A Grape Harvest in Full Swing and How You Can Help
The Northern California grape harvest is in full swing now according to most reports and my talks with folks. And when I say “full swing” I mean to say there are all sorts of shenanigans going on during this year of the early and quick harvest.
• Red grapes mingling with white grapes on the crush pads
•Grapes choosing sugar over acids
• The cool Sonoma Coast giving up its grapes a month early
• Total harvests of many reds finished before October begins
• Winemakers scheduling Mexican and Hawaiian vacations in November and December instead of December and January
One of the most difficult issues for wineries right now due to the compressed harvest with so many grapes coming ripe simultaneously is finding the hands to pick the grapes then the space on the crushpad and int eh cellar. You want to pick the grapes when they are juuuuust right. But if you have no one to pick them, you let them sit on the vine and hope for fog. If you have no place on the crushpad or in the cellar, you don’t pick them. You keep them on the vine and hope for fog.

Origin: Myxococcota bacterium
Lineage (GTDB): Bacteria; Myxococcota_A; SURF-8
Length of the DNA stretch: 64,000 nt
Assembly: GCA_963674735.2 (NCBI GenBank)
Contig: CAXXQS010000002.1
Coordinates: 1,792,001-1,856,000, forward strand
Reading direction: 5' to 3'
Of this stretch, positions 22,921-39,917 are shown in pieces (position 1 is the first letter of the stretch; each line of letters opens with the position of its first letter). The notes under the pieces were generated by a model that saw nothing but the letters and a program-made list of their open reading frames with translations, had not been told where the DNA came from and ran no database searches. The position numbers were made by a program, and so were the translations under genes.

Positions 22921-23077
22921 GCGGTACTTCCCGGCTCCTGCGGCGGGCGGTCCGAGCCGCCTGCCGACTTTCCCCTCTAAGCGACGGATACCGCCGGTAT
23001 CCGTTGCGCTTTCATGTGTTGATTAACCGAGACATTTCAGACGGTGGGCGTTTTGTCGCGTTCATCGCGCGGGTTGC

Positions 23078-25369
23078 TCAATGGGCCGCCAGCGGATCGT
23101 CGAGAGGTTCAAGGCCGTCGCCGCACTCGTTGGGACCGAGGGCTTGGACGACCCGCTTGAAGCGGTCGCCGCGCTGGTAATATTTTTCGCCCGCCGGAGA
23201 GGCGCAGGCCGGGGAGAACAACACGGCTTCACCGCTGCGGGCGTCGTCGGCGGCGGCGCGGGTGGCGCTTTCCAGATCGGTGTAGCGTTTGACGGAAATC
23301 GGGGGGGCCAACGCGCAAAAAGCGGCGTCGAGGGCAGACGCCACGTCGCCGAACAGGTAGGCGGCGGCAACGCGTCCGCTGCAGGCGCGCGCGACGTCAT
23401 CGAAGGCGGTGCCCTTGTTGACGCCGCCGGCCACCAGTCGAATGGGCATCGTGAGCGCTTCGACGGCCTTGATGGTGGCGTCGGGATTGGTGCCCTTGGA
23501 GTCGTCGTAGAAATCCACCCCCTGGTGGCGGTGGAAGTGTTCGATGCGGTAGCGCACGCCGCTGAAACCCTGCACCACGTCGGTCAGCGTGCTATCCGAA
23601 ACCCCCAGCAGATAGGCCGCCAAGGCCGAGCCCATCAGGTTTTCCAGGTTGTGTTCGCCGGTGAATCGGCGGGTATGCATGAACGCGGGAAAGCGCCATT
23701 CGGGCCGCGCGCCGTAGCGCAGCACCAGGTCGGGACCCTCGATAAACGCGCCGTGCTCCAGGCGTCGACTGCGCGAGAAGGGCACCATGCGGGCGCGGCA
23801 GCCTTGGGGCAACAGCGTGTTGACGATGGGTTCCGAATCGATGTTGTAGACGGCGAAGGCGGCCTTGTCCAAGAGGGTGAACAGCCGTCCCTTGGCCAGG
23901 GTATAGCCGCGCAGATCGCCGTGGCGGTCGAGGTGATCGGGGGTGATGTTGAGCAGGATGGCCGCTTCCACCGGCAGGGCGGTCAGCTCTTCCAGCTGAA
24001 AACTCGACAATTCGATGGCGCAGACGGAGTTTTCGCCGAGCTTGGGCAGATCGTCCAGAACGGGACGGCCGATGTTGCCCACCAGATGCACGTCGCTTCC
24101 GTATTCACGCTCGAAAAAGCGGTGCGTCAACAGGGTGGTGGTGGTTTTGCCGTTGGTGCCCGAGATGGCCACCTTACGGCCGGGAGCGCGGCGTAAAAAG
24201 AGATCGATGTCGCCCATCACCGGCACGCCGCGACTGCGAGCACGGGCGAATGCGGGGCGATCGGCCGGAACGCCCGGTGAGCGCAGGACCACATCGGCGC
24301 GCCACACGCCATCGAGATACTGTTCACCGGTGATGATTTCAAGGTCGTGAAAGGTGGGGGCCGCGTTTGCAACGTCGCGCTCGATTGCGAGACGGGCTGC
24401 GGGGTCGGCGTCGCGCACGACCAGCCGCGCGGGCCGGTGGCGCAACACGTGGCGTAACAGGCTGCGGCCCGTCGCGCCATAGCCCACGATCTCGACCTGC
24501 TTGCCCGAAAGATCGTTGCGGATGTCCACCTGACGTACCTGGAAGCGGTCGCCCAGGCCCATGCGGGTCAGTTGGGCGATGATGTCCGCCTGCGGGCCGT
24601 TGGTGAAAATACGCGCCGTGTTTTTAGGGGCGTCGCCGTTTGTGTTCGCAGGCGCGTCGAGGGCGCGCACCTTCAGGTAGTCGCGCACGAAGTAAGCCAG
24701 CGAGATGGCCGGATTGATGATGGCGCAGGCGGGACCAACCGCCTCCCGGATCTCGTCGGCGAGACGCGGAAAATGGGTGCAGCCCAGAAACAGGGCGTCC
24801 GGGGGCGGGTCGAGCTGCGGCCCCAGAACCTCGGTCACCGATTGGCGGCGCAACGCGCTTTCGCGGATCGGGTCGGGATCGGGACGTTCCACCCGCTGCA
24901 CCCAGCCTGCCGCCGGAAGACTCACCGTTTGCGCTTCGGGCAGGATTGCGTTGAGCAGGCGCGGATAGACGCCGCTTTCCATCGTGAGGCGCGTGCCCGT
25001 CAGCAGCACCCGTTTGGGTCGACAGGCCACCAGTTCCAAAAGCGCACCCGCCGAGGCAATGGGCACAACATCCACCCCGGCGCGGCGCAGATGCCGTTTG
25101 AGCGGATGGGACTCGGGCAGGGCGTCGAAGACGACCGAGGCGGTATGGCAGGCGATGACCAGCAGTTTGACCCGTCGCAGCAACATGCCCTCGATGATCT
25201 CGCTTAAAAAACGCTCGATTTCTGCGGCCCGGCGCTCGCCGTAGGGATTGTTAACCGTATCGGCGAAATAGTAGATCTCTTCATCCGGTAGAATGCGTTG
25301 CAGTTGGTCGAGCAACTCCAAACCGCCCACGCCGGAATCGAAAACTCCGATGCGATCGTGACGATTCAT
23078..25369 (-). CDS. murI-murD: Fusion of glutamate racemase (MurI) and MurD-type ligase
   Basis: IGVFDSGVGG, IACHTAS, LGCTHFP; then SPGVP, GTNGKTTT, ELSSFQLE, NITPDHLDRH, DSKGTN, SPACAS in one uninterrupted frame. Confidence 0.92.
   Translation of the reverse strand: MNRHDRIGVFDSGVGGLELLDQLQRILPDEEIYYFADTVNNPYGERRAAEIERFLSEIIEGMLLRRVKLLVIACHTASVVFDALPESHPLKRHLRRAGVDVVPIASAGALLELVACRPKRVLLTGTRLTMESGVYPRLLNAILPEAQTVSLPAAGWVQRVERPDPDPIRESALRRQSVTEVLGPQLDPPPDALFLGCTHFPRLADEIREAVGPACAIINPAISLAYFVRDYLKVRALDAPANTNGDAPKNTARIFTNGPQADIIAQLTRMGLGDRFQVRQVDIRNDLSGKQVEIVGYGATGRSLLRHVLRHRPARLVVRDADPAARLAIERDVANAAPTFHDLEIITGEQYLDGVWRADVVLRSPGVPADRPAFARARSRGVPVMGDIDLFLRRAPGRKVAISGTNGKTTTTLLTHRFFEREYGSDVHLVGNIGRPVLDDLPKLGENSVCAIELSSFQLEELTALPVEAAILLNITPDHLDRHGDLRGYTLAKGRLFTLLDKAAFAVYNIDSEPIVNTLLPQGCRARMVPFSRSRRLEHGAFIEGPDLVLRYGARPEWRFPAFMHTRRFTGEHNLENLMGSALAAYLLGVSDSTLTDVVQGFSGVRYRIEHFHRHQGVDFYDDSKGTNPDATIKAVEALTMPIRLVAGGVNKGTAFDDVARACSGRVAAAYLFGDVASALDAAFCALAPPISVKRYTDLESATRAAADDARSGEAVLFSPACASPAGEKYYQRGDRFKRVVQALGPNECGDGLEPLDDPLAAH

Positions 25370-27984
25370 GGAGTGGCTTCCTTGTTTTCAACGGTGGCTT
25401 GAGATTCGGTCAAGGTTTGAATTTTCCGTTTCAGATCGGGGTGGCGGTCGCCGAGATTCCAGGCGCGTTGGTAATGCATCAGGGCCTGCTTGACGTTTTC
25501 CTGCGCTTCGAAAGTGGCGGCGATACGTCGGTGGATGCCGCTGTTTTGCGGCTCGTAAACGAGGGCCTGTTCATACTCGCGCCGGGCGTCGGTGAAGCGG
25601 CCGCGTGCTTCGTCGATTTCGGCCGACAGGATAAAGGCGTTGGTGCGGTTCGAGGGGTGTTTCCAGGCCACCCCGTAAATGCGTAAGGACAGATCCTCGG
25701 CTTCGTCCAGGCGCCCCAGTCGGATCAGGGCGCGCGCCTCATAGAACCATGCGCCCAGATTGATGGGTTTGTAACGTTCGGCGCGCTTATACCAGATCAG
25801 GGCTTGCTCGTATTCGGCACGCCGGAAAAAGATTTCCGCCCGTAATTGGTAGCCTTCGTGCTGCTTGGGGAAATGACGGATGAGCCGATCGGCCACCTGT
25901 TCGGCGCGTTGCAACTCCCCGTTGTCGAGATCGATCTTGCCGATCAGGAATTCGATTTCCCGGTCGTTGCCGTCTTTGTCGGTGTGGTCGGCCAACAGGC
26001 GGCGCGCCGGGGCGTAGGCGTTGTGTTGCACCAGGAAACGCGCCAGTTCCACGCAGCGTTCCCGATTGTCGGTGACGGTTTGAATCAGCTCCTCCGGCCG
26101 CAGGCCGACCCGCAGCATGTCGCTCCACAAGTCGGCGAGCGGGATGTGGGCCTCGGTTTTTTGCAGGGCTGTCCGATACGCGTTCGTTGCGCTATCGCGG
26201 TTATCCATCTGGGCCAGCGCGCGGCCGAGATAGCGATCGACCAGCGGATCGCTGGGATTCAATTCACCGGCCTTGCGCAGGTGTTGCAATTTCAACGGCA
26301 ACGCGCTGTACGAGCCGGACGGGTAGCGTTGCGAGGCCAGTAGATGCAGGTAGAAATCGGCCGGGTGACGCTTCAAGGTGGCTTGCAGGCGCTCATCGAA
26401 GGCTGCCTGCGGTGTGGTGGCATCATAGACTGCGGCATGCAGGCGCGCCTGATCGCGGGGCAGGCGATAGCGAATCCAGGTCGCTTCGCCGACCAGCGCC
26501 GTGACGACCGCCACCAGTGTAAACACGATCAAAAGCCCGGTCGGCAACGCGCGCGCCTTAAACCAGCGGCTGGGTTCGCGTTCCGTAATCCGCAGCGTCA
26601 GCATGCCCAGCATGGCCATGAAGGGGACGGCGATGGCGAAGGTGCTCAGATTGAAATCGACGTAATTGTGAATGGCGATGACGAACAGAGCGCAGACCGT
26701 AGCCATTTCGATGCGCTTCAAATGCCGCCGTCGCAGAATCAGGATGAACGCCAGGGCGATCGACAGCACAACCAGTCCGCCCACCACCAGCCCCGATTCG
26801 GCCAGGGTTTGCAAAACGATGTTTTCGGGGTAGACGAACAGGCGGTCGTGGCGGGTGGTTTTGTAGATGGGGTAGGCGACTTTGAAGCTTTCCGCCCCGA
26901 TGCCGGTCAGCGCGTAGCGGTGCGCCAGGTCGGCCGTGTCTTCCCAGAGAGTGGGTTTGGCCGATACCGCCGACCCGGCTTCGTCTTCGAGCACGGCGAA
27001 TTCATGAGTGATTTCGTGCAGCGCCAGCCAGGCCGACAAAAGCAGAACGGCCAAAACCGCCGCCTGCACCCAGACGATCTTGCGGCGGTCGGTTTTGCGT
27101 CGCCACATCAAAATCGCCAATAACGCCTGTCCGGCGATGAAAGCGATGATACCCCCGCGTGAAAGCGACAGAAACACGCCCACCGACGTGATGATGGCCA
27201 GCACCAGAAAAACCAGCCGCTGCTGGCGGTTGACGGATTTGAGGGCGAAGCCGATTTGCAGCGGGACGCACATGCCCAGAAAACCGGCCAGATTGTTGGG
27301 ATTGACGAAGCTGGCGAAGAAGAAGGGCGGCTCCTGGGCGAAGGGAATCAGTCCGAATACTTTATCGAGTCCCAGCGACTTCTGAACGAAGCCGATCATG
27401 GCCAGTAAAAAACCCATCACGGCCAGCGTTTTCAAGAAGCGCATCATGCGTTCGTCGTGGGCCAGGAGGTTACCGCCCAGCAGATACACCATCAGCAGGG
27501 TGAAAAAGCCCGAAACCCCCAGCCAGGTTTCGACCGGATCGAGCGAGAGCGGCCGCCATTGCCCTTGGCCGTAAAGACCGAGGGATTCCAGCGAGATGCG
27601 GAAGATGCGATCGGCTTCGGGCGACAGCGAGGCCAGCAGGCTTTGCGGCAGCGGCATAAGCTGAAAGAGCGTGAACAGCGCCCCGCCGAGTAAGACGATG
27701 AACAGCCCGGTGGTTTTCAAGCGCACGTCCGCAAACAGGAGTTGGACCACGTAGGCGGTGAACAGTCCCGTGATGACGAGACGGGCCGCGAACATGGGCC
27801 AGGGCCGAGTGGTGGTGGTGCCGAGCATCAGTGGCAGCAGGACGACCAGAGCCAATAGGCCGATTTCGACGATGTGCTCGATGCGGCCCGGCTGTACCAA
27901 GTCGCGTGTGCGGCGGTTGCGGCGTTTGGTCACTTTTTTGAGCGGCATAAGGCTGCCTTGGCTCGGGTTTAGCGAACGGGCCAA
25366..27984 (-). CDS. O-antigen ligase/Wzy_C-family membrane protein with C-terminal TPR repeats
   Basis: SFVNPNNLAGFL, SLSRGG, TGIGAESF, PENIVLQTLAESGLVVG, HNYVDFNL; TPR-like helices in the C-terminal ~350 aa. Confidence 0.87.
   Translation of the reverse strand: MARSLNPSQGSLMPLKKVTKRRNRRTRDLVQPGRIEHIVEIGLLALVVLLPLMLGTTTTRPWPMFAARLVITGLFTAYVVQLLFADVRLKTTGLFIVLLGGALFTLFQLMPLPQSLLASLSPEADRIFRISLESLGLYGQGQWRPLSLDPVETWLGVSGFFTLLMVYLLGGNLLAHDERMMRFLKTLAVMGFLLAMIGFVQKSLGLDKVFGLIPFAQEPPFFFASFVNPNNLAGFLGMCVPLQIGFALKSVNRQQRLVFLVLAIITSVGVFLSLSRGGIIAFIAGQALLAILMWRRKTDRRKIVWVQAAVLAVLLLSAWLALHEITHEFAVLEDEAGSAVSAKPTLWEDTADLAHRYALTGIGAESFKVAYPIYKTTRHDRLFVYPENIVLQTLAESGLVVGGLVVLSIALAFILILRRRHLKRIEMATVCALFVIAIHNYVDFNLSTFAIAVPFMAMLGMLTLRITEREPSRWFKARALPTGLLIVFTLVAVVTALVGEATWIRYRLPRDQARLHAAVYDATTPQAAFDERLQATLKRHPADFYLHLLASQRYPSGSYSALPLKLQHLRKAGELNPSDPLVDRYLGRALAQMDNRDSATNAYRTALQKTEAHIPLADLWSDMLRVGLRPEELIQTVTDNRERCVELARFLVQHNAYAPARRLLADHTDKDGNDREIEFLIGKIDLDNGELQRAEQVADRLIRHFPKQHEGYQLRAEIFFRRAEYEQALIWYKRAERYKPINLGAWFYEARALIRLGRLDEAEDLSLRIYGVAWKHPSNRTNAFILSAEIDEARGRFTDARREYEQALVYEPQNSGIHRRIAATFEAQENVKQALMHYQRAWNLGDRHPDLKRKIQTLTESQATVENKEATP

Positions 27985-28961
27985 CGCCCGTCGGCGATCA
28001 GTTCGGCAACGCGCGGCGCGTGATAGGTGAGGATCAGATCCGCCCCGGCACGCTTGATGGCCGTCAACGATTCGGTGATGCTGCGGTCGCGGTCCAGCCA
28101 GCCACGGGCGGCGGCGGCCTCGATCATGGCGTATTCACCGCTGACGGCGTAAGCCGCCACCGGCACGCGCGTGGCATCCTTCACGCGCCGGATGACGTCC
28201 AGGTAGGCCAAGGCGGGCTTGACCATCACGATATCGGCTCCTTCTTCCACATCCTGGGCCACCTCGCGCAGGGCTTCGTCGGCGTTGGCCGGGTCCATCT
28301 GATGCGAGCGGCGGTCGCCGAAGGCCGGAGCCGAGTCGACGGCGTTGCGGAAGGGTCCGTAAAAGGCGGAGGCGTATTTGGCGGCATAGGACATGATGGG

The grapes will get picked. However there’s gonna be some acidulation going on. pH numbers are, I’m told, pretty darned high in the grapes due to the quicker ripening season. Is that a bad thing? No. Ninety-nine percent of wine lovers and wine experts and Masters of Wine won’t be able to tell. But that’s story for another time.
Right now, if you want to help your favorite winemaker in their time of harvest, just stay out of their way.
And don’t schedule (or patronize) “harvest” events in the middle of crush! For the smaller wineries, the sales/marketing/administration/winemaking/farming staff is the same and out there bringing in the fruit and banging punchdowns at midnight and 6 am.
There’s going to “some” acidulation going on in Napa and Sonoma. That’s like saying there was “some” gambling going on at Rick’s Cafe tonight. This year would be unique only if no acidulation were required.
As for being able to tell, almost all professional tasters that I know can pick out wines with heavy acid adjustments. The heavier the more obvious it is and clunky the wine is. And as these overripe fruitbombs age, it becomes even more obvious as this acid from a bag that was never an organic part of the wine’s chemical structure begins to disengage from the fruit like some organoleptic zombie in the bottle.